I haven’t read the entire indictment of Roger Stone prepared by the special counsel team, but Andrew C. McCarthy has, and he describes it as “20 pages of heavy-breathing narrative...” I think that gives us a good idea of what Robert Mueller’s final report will be like.
According to McCarthy, the Stone indictment presents a melodramatic account of the theft by Russia of tens of thousands of emails from the DNC and Clinton campaign chairman John Podesta, the transmission of these materials to WikiLeaks --- which is portrayed as an arm of the Putin regime --- and their publication in the media during the last weeks of the campaign.
You know, I’m still not even sure what evidence they have that Russia is behind the email theft and “collusion” with WikiLeaks. Maybe Mueller has definitive proof, but you and I still don’t know who else might have hacked or leaked that information. It might have been China. It might have been some other country or rogue entity. It might even have been an inside job; if it was, that mystery may never be solved. We do know that Podesta could hardly have made it easier to hack his email, as his password was reportedly “password” and Hillary herself was capricious with her own sensitive materials. No doubt many of Podesta’s emails went straight through her unsecured server, which was easily hacked by just about anyone in the world.
But I digress.
The revelation from the Stone indictment is what it doesn’t contain. As McCarthy says, “The seven counts are offenses generated not by an espionage conspiracy but by the investigation of an espionage conspiracy that did not exist.” If it had existed, the campaign would not have needed Stone to help them figure out what WikiLeaks had and when it was going to release that. The campaign obviously didn’t know anything more about that than had been publicly announced by Julian Assange in June of 2016.
And Stone apparently didn’t have a clue, either. Anything he and the campaign might have talked about was pure speculation, and that is certainly not against the law. In keeping with that, Stone is NOT charged with conspiring with WikiLeaks.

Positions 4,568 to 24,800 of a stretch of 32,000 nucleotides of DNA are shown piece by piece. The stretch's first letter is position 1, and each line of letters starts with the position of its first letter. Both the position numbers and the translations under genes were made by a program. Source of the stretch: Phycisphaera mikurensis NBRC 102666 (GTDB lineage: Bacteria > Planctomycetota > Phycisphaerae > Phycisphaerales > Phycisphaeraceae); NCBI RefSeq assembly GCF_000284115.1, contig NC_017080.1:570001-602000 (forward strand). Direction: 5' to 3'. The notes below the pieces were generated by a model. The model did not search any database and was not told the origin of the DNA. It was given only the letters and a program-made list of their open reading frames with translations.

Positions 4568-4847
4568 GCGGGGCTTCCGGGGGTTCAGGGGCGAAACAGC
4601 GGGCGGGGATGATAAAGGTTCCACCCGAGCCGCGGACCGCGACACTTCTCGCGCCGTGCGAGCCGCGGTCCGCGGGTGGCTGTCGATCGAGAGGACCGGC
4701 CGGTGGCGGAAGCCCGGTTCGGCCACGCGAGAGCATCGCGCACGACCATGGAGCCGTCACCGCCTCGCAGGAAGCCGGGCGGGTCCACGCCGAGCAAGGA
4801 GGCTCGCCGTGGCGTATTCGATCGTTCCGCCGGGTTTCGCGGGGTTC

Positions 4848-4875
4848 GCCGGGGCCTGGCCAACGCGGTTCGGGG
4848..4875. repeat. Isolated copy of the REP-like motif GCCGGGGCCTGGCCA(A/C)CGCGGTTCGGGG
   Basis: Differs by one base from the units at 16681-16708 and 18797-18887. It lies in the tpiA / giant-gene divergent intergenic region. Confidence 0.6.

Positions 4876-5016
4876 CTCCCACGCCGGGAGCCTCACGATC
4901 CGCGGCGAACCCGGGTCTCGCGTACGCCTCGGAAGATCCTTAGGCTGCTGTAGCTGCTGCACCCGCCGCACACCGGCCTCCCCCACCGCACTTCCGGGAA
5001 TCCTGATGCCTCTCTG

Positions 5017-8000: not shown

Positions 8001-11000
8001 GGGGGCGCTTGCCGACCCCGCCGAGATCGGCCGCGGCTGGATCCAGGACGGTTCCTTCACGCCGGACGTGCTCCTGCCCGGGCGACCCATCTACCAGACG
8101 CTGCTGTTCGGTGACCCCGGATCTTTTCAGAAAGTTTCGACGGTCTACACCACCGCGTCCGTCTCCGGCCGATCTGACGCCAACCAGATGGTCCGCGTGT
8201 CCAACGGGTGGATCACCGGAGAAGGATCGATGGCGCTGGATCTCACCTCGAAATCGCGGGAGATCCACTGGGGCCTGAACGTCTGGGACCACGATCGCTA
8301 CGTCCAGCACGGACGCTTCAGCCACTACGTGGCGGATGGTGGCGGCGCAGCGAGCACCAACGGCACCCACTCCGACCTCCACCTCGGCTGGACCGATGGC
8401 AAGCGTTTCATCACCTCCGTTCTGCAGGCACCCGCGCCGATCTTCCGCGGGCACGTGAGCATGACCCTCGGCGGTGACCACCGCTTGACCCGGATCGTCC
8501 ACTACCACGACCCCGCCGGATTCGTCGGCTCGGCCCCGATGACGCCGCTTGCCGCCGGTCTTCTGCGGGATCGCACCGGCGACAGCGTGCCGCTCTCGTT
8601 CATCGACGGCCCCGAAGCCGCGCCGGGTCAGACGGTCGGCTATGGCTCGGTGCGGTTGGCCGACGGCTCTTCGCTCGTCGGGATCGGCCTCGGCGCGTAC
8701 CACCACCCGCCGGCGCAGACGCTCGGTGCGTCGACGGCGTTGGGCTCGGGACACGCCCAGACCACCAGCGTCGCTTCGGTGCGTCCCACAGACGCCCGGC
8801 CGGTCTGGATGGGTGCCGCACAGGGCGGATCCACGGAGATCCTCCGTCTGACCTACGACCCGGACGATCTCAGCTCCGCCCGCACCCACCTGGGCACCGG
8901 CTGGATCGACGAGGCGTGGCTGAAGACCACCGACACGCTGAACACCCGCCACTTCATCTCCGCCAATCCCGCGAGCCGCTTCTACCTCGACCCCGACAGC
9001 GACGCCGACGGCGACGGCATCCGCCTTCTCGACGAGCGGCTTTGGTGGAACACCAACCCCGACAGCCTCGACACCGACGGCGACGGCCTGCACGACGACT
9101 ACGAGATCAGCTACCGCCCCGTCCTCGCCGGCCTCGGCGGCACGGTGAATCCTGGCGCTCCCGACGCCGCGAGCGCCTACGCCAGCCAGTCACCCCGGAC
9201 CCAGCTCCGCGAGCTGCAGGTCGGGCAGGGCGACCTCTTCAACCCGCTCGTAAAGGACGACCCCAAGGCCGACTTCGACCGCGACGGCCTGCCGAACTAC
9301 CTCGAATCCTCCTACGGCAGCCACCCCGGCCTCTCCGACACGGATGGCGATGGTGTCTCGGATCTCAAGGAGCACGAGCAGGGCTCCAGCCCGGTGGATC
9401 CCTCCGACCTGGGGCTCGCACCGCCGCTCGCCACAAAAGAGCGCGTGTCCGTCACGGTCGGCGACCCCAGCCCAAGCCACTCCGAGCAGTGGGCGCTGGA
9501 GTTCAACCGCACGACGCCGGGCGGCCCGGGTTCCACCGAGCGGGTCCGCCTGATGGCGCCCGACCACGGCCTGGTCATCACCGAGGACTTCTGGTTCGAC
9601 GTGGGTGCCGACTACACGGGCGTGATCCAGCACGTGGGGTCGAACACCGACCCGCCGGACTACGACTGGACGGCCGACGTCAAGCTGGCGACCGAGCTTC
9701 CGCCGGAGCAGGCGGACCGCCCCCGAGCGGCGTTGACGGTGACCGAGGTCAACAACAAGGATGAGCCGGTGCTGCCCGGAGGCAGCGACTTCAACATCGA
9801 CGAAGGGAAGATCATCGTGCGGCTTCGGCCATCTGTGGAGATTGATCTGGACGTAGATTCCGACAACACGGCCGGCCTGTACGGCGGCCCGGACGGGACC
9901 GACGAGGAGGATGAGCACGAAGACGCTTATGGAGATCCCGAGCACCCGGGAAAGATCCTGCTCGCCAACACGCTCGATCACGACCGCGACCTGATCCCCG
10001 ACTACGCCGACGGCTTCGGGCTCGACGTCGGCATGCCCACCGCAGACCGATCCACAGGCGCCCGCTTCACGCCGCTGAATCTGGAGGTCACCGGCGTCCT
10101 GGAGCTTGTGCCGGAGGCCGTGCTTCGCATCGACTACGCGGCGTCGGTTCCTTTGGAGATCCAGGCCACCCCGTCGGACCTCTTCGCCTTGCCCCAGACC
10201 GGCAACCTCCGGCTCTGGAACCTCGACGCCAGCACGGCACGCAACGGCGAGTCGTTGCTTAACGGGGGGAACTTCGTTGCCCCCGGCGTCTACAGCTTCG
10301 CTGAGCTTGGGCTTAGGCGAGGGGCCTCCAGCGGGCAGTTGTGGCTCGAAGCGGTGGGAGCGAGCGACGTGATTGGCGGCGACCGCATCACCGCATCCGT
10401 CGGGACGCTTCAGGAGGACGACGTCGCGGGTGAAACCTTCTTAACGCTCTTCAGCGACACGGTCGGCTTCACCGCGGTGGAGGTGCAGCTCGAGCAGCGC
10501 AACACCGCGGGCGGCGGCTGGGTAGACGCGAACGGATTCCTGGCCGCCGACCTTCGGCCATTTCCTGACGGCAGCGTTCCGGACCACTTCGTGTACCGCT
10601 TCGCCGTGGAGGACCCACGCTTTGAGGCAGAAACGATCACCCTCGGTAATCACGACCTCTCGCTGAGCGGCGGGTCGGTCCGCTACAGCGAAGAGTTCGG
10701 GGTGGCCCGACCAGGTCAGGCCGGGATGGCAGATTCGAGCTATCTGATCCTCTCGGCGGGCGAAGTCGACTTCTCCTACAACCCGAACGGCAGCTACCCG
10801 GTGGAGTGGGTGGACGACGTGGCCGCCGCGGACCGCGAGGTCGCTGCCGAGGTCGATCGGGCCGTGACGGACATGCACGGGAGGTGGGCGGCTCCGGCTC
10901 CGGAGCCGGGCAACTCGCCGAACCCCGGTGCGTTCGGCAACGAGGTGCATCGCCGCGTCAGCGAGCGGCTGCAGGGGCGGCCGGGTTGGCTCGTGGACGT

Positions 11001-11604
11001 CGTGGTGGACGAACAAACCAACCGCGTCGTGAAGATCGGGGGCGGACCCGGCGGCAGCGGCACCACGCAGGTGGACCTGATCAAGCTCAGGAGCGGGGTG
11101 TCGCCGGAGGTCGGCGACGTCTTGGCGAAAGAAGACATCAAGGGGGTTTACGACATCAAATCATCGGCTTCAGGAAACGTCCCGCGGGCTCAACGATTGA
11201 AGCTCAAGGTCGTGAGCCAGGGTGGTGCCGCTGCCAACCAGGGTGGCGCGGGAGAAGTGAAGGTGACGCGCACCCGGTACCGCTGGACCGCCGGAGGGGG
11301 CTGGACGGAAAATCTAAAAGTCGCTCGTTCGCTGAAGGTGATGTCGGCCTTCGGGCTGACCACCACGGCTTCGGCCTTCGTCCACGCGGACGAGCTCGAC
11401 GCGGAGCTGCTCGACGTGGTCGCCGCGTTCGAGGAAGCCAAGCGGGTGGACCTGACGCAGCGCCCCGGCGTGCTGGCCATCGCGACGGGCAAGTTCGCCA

But this didn’t stop Mueller from sending a squad of 19 vehicles carrying 29 heavily armed FBI agents, covered in body armor, to Stone’s house in the pre-dawn hours last Friday. It has been pointed out that this was a bigger team than was employed for the assault on Osama bin Laden. The harmless 66-year-old man was walked barefoot onto his front lawn, lights blazing and cameras running, courtesy of CNN.
We’ve since learned that Stone’s wife was in the house, too, and that she is deaf. If those reports are correct, there could have been a tragic accident if she had been unable to hear shouts from these home invaders and had reacted inappropriately out of panic. Lives were needlessly risked when Stone had already said they could just go through his lawyer if they wanted him. Mueller is out of control.
McCarthy makes it clear that he is no fan of some of Trump’s foreign policy regarding Russia. But he also was nauseated by the Obama/Clinton “Russia reset,” the Uranium One deal, Bill Clinton’s pocketing of a cool $500,000 to give a speech in Moscow, and Barack Obama’s promise (caught on a live mic) to have “more flexibility” with Vladimir after he was re-elected. So it’s pretty clear that he’s being objective here, and he can say definitively that there is no proof of a criminal conspiracy between Trump and the Putin regime.
In fact, he’s going further, to say that the Stone indictment is proof there ISN’T one. Who says you can’t prove a negative? Mueller appears to have done just that.
He believes that Russia wasn’t so much working to help Trump win as it was to create discord in American society regardless of who won. That really would be true to form for the Russian government. “While the Russians never have been particularly effective in meddling in U.S. elections,” he says, “their intelligence apparatus has been at it for the better part of a century. Peddling propaganda and, in modern times, hacking, are not activities they need help with –- not from Trump’s campaign or anyone else’s.”
Since Mueller has no conspiracy between Putin and Trump, McCarthy suggests several questions for new Senate Judiciary Committee Chairman Lindsay Graham to ask FBI Director Christopher Wray (where is he, anyway?) and deputy DOJ Director Rod Rosenstein concerning the FISA warrant applications to spy on Carter Page. This can't come soon enough. Details at the link.
Though many observers are saying the Mueller probe is winding down, McCarthy tends to agree with Judge Andrew Napolitano that it could go on for many months now that Roger Stone has been indicted. That timing puts the culmination of the special counsel investigation right in the thick of the 2020 election –- which surely was the plan all along. At that time, Mueller will release hundreds of pages of “heavy breathing” about Trump and Russia that will signify nothing illegal but will send the media, House Democrats and presidential candidates –- who will number about 300 by then –- into frenzied impeachment fever.
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